Operation of PMMC Instrument

Fig. 3

Damping Torque: When current is passed through the coil, the deflecting torque accelerates the pointer away from the zero position. Now, although the coil and pointer assembly is very light, it will still have sufficient inertia to ‘overshoot ’ its final position on the graduated scale. It is also likely to under- and overshoot several times before settling.

To prevent this from happening, the movement needs to be slowed down, or damped. This effect is achieved automatically by the generation of eddy currents in the aluminium coil former as it rotates in the magnetic field.

However, being induced currents means they are subject to Lenz ’s law. They will therefore flow in the coil former in such a direction as to oppose the change that produced them; that is the rapid deflection of the coil.

If the dimensions of the former are correctly chosen, then the result will be either one very small overshoot, or the overshoots are just prevented from occurring. In the latter case the instrument is said to be critically damped, or ‘dead beat ’.

Advantages of the Moving Coil Instrument

The main advantages of the moving coil instrument are:

1. Good sensitivity: this is due to the low inertia of the coil and pointer assembly. Typically, a current of 50 µA through the coil is sufficient to move the pointer to the extreme end of the scale (full-scale deflection or fsd).

2. Linear scale: The deflecting torque is directly proportional to the coil current. Therefore, these meters have linear scale.

The main disadvantage is the fact that the basic meter movement so far described can be used only for d.c. measurements. If a.c. was applied to the coil, the pointer would try to deflect in opposite directions alternately.

operation of pmmc instrument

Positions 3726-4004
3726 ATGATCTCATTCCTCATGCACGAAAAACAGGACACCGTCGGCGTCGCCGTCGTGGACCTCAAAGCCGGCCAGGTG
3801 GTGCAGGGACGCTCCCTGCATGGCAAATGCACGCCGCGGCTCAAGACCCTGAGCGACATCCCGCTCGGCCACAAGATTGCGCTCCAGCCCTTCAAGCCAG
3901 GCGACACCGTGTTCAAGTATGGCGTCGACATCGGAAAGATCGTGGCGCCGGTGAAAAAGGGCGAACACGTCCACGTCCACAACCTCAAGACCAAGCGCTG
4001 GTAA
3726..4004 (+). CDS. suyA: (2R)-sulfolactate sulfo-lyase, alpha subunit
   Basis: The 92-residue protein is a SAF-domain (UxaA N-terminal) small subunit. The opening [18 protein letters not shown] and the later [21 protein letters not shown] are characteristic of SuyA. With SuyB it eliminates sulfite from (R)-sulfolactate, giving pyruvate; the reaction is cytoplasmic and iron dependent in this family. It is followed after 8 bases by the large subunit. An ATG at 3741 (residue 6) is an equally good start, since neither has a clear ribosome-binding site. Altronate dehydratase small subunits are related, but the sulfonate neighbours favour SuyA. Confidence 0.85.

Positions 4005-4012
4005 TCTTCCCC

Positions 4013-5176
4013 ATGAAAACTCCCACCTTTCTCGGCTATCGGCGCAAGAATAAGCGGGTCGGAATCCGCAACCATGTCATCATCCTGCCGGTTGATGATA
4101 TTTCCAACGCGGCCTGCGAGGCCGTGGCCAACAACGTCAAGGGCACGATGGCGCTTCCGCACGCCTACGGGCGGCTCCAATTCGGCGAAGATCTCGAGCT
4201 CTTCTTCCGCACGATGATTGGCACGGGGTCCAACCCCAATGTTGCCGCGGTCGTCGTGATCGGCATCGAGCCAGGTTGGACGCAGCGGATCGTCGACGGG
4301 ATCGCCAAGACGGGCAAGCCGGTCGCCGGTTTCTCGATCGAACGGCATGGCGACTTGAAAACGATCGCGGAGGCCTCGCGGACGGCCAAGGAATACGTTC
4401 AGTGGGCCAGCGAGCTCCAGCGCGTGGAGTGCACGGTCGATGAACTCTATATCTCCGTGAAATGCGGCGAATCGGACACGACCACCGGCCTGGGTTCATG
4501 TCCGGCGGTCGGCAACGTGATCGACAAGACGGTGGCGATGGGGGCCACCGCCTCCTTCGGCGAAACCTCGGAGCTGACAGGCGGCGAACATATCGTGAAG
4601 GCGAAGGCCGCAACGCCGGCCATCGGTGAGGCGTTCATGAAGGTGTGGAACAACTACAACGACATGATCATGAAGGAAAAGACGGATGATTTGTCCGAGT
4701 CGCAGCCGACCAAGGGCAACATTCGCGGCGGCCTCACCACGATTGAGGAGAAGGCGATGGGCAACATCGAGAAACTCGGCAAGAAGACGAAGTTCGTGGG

Fig. 4

Thus, if only a moderate frequency such as 50 Hz is applied, the pointer cannot respond quickly enough. In this case only a very small vibration of the pointer, about the zero position, might be observed. The complete arrangement for a moving coil meter is illustrated in Fig. 4 .

Shunts and Multipliers

The basic instrument so far described is capable of measuring only small d.c. currents (up to 50 µA typically). This obviously severely limits its usefulness. The figure of 50 µA quoted is the value of coil full-scale deflection current (Ifsd) for an AVO meter.

As you will now be aware, this meter is in fact capable of measuring up to 10 A, by using the current range switch. This is achieved by means of what are known as shunts. Similarly, this type of meter is also capable of measuring a range of voltages. This is achieved by means of multipliers.

Both shunts and multipliers are incorporated into the instrument when it is assembled.


A shunt is a device connected in parallel with the meter’s moving coil, in order to extend the current reading range of the instrument. It consists of a very low resistance element, often made from a small strip of copper or aluminium. Being connected in parallel with the coil, it forms an alternative path for current flow. It can therefore divert excessive current from the coil itself.

In this instance, ‘excessive current’ means current in excess of that required to produce full-scale deflection of the pointer. The latter is known as the full-scale deflection current, which is normally abbreviated to Ifsd .


The p.d. across the coil (Vc) when Ifsd flows through it is only few mV. Therefore, only few mV can be applied to the coil. It also represents the maximum voltage measurement that can be made. In order to extend the voltage reading range, a multiplier must be employed. This is a high value resistance, connected in series with the meter coil. Thus, when a voltage in excess of Vc is applied to the meter terminals, the multiplier will limit the current to Ifsd